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Mark Halsey says Saka penalty was “a tough decision and could have gone either way”

Chelsea and Arsenal played an interesting match Friday night at Stamford Bridge, with the Gunners winning 4-2 and gaining three crucial points in their bid to finish in the top four of the Premier League.

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The Blues’ defense had a bad night at the Bridge, as they couldn’t deal with Arsenal’s counter-attacks, which made Thomas Tuchel furious after the game, as he told Sky Sports: “We scored five goals and lost 4-2. Three own goals, two ordinary goals for us, and one Arsenal goal.”

Many of the goals were avoidable, most notably Arsenal’s fourth, in which Chelsea captain Cesar Azpilicueta gave away an unnecessary penalty.

Saka made the first touch with the defender, who then held the 20-year-old until the winger went down, which referee Jon Moss ruled as a foul.

Former Premier League referee Mark Halsey provided his insights exclusively to Caught Offside to assist explain Jon Moss’ reasoning behind his judgement.

“It’s a difficult choice. Obviously, Saka and Azpilicueta are fighting for the ball, and I believe Saka makes the first contact with the Chelsea captain. You can see he’s got a grasp of his arm, which prevents him from getting on the right side since he’s definitely blindsided of him, there’s a little bit of holding going on, then Saka falls.”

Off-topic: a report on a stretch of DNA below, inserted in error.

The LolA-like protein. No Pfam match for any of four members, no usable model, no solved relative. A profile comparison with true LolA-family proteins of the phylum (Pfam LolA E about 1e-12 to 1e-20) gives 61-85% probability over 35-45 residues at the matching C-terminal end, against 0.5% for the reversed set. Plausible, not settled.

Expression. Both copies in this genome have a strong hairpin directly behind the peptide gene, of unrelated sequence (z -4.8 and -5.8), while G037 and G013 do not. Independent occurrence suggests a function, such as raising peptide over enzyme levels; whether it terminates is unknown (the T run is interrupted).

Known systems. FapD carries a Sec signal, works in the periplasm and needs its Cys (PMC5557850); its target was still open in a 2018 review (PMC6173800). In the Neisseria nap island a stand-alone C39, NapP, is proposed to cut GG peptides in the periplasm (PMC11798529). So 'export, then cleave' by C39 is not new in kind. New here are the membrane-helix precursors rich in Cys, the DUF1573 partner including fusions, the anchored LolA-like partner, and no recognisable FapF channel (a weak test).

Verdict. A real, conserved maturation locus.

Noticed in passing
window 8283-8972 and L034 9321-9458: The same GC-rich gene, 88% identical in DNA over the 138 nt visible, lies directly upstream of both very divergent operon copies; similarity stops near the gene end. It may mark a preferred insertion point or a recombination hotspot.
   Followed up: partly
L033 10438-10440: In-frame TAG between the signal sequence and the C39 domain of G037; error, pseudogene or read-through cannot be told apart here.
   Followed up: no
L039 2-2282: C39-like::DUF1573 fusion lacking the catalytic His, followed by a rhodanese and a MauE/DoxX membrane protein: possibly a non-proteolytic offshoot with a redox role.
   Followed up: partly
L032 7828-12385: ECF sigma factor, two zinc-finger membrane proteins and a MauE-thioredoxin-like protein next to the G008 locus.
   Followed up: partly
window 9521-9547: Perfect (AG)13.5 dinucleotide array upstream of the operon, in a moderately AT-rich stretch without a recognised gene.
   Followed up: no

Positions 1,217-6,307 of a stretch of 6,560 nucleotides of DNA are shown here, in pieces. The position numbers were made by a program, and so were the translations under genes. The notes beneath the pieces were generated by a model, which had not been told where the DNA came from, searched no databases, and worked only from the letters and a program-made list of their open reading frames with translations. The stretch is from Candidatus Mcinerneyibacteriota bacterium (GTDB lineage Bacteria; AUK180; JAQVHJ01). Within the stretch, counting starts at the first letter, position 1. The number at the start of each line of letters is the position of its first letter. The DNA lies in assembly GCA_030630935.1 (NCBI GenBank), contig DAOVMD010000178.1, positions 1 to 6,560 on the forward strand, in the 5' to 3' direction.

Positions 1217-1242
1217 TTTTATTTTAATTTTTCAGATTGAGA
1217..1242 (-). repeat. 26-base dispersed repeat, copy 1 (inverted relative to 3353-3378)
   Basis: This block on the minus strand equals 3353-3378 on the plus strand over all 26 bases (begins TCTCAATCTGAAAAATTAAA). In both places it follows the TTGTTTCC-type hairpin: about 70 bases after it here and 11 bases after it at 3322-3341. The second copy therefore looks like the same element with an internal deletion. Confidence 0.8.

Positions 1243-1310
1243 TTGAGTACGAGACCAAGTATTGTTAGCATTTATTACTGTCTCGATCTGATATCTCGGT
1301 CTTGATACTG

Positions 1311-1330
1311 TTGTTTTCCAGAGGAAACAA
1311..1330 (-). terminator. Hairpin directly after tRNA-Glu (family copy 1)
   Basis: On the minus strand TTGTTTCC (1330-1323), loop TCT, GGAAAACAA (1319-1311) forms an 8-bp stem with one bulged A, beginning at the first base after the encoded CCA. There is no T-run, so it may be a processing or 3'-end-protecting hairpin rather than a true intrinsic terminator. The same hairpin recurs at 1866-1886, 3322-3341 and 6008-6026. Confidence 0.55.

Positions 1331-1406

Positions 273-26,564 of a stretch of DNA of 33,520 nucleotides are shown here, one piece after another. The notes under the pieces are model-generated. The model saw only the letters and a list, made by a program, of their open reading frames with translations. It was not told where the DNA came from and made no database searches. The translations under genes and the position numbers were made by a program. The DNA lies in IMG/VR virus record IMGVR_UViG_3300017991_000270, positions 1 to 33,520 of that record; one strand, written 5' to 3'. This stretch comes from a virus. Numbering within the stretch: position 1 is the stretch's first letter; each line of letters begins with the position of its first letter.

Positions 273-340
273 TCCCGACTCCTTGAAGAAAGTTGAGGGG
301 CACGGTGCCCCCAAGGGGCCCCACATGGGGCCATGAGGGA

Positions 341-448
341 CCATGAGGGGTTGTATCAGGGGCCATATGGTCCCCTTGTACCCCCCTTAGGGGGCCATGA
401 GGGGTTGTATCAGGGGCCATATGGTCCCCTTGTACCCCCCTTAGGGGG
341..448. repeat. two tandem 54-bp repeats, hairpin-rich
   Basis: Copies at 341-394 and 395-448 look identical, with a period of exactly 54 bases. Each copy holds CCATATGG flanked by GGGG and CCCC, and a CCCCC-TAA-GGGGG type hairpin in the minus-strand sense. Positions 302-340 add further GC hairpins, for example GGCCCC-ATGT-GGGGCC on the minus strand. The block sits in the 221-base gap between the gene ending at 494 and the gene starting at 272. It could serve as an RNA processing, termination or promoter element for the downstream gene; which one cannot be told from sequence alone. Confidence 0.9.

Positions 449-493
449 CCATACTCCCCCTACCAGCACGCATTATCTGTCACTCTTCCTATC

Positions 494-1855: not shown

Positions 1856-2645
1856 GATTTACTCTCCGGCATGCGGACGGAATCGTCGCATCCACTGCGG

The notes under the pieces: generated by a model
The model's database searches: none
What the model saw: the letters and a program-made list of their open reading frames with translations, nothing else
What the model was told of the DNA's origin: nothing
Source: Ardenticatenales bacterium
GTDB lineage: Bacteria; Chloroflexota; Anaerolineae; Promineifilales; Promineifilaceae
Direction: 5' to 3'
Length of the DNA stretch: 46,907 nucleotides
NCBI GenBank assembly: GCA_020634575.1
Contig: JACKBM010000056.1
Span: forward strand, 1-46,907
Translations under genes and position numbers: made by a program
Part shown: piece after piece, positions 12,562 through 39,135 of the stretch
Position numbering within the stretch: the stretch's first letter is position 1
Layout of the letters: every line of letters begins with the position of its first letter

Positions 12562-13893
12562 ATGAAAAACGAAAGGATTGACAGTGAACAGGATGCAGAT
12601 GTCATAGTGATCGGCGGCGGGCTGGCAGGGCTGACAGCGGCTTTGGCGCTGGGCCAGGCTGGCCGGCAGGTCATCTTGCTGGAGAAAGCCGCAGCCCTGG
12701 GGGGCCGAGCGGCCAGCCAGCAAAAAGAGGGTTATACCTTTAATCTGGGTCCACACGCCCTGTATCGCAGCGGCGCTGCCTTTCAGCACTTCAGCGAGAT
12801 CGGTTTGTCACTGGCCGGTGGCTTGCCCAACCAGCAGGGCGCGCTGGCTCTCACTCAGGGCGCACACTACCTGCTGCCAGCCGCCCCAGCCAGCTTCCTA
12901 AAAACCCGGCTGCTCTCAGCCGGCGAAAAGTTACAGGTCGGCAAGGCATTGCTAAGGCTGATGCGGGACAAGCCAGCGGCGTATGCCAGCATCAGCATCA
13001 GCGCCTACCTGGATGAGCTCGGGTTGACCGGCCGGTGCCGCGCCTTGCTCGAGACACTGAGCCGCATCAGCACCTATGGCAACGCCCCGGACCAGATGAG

“It’s one of those; it’s subjective, and just because the ball is nowhere near Saka and goes behind him doesn’t mean a penalty can’t be awarded.”

“VAR won’t get involved in that circumstance because it’s subjective,” Halsey noted, adding, “I don’t think that a review would have been advised had Jon Moss not given the penalty since I think Saka initiates the contact in the first place.” Also, if Jon Moss sees it and then awards the foul to Chelsea, it will not be reversed, which is why VAR has not been called in because it is not a clear and evident error by the onfield referee.”

“It’s a difficult judgment that could have gone anyway,” said the former referee.

Moss had to make a difficult decision, but Azpilicueta should not have put himself in that position in the first place. Why didn’t the Chelsea captain let go after Saka grabbed him after Cedric’s cross went behind the 20-year-old?

It may not have mattered in the end because Arsenal was already 3-2 up, but it’s football, and you never know what can happen until the final whistle is blown.

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